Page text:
Ode to the Odd

Ode to the Odd by Francis ‘The Grin’ Gray

This is a praise to the unconventional minds in music. When I first got the idea in my head about using pedals on bass, I wasn’t trying to imitate anyone. First I was just scared of being bored in a band again and I simply wanted to use what I had paid for. My pedalboard (at the time) consisted of a Boss TU-2, Crybaby Bass wah, Lil’ Big Muff, Boss CH-1, phase 90 and EHX Bassballs, connected to a Voodoolabs Pedal Switcher. People were annoyed and skeptical to say the least, but in the short amount of time I was with that band, I changed a few minds. I now enjoy pushing the taboo of using pedals on bass, where only a year prior I was highly against the idea.

A street performer was brought to my attention somehow, I honestly can’t remember, and he pretty well blew my mind with what he was doing. Dub FX from Australia uses (based on his videos) A Boss GT-10B, RC-50 and I THINK a SYB-5 to create his style of rap. Im not much for the style but I love everything about outside the box means of making music where the will is stronger than any natural resistance.

You may or may not know the name of Robert Randolf (and the Family Band), but this funk and soul playa has a firm idea of what he likes in the grind and slide country boys over look. Robert uses a thirteen string lap steel guitar, with an intentionally broken Lollar pickup for that extra bite. Before the signal hits his modified Fender Twin and Fuchs amp, he passes through a: Goodrich Volume pedal-Crybaby 535Q-Radial JX-2 Tonebone-Prunes & Custard-Cusack Fuzz-Boss Dynamic Filter-Holy Grail-Empress Effects EQ-POG2. I write these in a traditional format because I don’t know exactly how his chain rolls but we pretty well get the picture in a vivid array of colorful effects and filters. A fair warning though, dont try this at home. In one night alone he has blown ten guitar amps. Play no fool, a few Marshalls are on his casualty list.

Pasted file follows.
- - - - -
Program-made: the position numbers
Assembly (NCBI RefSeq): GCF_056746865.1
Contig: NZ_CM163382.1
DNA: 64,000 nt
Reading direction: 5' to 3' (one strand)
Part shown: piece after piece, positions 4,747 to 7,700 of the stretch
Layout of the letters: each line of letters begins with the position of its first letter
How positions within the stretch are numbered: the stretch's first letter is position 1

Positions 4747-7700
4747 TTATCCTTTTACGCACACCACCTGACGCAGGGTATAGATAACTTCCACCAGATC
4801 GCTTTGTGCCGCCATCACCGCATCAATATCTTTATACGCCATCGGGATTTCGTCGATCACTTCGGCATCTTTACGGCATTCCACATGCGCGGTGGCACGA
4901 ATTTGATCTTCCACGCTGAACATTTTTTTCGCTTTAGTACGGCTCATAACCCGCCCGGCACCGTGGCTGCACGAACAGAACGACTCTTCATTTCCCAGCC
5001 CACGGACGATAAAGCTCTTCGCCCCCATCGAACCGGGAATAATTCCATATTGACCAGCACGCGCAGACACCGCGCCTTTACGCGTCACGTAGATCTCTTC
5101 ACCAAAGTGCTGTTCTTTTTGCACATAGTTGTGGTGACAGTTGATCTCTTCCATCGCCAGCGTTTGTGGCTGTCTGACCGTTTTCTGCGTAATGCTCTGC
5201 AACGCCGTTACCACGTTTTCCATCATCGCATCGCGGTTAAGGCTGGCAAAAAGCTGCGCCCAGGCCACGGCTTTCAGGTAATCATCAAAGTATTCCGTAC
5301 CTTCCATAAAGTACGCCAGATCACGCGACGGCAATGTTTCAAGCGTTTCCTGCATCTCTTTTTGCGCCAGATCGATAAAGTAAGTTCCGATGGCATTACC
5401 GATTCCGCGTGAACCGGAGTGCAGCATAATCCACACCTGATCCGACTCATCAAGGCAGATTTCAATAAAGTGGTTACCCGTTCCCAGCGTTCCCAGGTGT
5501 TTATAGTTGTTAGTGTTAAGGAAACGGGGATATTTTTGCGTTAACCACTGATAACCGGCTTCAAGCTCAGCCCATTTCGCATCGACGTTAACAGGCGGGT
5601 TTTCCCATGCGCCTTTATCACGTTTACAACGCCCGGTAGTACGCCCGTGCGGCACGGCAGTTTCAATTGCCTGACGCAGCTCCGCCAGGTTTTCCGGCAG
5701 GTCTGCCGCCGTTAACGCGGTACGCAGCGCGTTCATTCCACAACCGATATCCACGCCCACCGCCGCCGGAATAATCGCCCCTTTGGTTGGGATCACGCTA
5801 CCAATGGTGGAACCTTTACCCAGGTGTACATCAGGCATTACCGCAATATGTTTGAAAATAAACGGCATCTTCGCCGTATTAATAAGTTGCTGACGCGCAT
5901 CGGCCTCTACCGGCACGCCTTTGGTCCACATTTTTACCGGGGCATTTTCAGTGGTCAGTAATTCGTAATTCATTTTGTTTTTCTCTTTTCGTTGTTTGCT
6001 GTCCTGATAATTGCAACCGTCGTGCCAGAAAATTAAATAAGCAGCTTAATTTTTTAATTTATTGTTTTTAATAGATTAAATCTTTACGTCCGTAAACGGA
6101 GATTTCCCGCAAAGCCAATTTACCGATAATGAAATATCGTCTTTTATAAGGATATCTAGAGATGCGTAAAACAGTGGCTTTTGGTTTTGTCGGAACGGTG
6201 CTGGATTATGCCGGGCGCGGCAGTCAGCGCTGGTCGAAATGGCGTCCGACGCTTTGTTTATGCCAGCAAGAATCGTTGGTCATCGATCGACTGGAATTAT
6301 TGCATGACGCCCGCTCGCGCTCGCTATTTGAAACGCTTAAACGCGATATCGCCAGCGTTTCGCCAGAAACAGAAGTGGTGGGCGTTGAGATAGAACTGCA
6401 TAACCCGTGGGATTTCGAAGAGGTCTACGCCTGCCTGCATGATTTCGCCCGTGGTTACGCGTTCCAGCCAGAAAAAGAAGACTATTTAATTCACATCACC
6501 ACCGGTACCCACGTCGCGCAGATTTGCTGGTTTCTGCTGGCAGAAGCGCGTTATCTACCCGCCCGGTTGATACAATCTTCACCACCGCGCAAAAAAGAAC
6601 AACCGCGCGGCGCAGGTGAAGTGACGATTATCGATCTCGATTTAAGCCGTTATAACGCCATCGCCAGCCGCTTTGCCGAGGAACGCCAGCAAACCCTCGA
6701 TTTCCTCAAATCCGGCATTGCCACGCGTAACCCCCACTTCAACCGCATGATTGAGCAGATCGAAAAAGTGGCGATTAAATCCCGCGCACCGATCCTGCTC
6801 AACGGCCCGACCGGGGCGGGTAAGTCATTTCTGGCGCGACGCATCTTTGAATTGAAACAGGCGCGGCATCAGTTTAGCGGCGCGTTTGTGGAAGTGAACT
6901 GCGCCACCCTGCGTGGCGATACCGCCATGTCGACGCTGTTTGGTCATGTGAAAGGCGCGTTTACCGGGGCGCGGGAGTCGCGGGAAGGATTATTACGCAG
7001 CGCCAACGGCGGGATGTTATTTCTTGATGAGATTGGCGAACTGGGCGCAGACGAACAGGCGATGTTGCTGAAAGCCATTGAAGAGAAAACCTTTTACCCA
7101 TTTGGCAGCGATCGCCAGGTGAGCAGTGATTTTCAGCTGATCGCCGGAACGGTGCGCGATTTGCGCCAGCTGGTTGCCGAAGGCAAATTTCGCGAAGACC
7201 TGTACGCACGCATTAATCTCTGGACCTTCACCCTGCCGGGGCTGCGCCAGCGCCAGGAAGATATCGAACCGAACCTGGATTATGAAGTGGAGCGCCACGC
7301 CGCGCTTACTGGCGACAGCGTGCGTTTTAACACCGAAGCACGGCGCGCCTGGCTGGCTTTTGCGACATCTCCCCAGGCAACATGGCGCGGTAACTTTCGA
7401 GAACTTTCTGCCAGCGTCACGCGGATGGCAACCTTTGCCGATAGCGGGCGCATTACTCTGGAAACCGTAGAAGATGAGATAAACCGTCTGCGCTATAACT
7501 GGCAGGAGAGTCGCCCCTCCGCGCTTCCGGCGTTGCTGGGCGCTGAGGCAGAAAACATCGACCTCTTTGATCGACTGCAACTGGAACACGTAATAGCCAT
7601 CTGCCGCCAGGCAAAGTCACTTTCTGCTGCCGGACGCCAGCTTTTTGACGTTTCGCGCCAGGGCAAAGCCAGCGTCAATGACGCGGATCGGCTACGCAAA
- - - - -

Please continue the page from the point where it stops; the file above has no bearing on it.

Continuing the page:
Crossing genres now, let us defy chronological order for a moment and speak of Tom Morello first. He still had the love for Eddie Van Halen and Malmsteen, but with those guys already in existence, he wanted to become something odd. “My contribution to that, was my love of those huge 70’s hard rock riffs, through the filter of my love of punk rock and hip hop” (Episode 108, Metal Evolution). A master of a simple killswitch, he plays with a Floyd Rose, feedback and pedals to get a hip-hop groove that worked oh so well. Moving on to but not forgetting where we came from, DJ Lethal was known for being in House of Pain slightly prior to the beginning of Rage Against the Machine. Lethal also wanted to do something not done before. He wanted to make a turn table sound like a guitar while Morello made a guitar sound like a turn table. An old reliable favorite Marshall Stack was the simple switch to grit a needle and record but lets be honest though, it is still a far cry. However to his credit, he got pretty close on the guitar solo in Metallica’s Sanitarium.

There are many other people who I have obviously missed. Larry Lalond was an early member of death metal band Possessed, now plays in a band with Les Claypool who did infact audition for Metallica. I DO NOT count The Edge because he is well known for using so many different pedals, what he does still sounds common enough to stay off the list. I will end of a band who I have seen live. An acoustic act by the name of Split Lip Rayfield. The mandolin player can hit death metal picking speeds but what sets them apart from other acoustic acts? The bass player has a bass named Stitchgiver, built from the gas tank of a 1978 Mercury Grand Marquis, a piece of hickory and strung with one piece of Weedwhacker line (as found on Wikipedia).







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Filed Under: PedalsCommentary / Editorials

About the Author: Started playing bass at 15. It was Danko Jones who inspired me to play at all, and in a small town I couldn't be picky on what I can get my hands on, so I bought a squire with pride. Obtained a B.C. Rich guitar months later. Moved to the city at 17. At 19 joined my first metal band as a bassist which ended at 20. Joined a bass heavy rock band, which I loved being in whole heartily. I now wait to venture into a new project. For the time being though, I am exploring my abilities as a writer.

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